Lobster

Week 39 - Life in the Arts Lane

Thomas Woodham Smith | Posted 02.11.2013 | UK Entertainment
Thomas Woodham Smith

The week is a week of transition. The summer is concluding, and we cling on to its last embers, enjoying the sun and the occasional shower. This is En...

LOOK: Fossil Named After Edward Scissorhands

The Huffington Post UK\ | Posted 17.05.2013 | UK

An ancient species has been named after Edward Scissorhands because of the shape of its claws. The 505 million-year-old 'Kootenichela deppi' - a no...

Recipe for the Weekend: Linguine With Lobster

Theo Randall | Posted 23.01.2013 | UK Lifestyle
Theo Randall

This luxurious and surprisingly quick dish is the ultimate weekend indulgence and the very best way to eat one of my favourite foods. I always source my lobster from the British Isles, particularly Scotland, as it has a wonderfully sweet and fresh flavour.

Welsh Autumn, Jimmy Saville, Private Education

Kate Holmes | Posted 08.10.2012 | UK Lifestyle
Kate Holmes

All this Jimmy Saville press is making me feel very uneasy. I had a dinner with Alan, my new husband at Chequers just after Blair came to power and straight after the infamous No 10 cocktail Party. I was seated in between Mr Saville and Judy Dench.

Your Meal Is Alive (VIDEO)

Huffington Post UK | Sara C Nelson | Posted 06.08.2012 | UK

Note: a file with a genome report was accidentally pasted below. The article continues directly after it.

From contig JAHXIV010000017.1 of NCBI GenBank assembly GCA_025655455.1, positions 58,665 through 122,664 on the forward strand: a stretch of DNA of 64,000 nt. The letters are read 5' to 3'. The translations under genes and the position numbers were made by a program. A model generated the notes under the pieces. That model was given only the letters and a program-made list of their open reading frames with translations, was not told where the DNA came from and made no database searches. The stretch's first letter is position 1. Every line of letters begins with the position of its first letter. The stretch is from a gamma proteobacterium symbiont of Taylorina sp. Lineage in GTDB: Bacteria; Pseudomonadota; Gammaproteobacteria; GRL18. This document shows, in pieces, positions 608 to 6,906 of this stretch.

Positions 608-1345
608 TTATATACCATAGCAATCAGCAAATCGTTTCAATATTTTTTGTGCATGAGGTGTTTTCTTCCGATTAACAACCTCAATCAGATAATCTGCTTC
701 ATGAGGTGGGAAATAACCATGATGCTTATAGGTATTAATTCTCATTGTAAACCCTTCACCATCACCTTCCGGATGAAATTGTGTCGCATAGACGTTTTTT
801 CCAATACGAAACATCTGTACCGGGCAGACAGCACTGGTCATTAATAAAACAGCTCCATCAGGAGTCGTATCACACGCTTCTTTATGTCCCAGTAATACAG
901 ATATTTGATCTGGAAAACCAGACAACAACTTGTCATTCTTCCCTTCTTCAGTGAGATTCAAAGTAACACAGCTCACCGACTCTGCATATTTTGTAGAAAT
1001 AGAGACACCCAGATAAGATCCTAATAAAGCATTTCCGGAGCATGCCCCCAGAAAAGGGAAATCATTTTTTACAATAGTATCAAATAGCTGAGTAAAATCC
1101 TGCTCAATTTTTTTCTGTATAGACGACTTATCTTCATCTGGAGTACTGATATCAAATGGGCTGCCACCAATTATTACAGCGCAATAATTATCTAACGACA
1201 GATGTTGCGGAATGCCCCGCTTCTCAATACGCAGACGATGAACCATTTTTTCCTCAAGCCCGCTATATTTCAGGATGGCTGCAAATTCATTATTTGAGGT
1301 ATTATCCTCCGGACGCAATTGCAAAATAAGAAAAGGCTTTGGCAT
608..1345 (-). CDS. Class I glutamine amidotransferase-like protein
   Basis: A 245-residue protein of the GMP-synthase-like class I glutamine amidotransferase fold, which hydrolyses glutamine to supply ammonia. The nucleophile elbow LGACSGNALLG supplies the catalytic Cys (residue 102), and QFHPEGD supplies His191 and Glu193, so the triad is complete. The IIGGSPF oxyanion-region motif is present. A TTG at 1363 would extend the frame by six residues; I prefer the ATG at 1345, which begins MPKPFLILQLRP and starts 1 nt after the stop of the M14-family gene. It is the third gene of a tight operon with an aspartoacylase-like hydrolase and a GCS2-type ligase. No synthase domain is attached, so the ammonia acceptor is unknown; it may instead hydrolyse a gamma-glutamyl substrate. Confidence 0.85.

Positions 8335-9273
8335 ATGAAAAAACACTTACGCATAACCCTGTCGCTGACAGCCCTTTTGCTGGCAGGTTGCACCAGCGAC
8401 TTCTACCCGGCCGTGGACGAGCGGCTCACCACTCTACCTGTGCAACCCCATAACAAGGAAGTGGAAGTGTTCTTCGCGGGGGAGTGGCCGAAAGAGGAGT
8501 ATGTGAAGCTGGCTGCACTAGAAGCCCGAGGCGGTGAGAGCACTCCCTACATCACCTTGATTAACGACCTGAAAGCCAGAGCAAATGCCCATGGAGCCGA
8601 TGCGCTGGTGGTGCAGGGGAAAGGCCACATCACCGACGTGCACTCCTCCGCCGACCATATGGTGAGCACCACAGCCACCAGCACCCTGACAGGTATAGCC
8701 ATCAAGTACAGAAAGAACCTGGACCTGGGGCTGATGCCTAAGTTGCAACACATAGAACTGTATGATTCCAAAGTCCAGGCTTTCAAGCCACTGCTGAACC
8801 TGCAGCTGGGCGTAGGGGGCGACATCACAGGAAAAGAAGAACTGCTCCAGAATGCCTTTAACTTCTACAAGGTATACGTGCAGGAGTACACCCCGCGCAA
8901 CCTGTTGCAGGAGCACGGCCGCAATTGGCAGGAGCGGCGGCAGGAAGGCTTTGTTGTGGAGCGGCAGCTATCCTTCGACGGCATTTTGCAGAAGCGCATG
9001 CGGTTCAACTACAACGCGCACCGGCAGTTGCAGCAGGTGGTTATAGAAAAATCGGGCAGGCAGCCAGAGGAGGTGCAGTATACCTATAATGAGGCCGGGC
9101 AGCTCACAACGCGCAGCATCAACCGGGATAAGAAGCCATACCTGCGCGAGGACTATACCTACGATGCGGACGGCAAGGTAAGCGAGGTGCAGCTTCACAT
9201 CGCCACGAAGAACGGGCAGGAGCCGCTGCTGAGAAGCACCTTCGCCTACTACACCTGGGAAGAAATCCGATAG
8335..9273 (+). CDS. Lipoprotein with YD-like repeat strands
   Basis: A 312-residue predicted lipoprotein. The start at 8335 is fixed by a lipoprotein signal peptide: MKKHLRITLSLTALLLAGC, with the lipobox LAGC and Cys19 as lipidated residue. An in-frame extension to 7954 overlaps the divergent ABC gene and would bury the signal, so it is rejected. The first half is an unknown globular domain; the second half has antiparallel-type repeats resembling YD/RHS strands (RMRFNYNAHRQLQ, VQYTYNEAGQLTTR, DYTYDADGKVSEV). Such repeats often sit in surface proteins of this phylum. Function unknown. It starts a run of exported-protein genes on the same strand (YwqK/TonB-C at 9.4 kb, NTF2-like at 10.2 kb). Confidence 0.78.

Writhing, twitching, flexing and wriggling this lobster looks like he's having one hell of a bad day. And things are about to get much worse - for his...

Honduras - Diving into Danger

Jenny Kleeman | Posted 31.01.2012 | UK
Jenny Kleeman

The Miskito people of Honduras's legendary Mosquito Coast aren't being endangered by any infectious outbreak. They are being killed and left paralysed in their thousands because of the demand for affordable luxury in the US and Europe. Ever since multinational seafood suppliers started exporting Caribbean spiny lobster on an industrial scale, lobsters disappeared from the shallows. The divers now plunge as deep as 150ft, 12-15 times in day, scrambling on the sea bed for their catch with basic and often faulty equipment. With no air or depth gauge, they have no way of knowing how far they are diving, and can only tell if their tank is running low when it becomes difficult to breathe.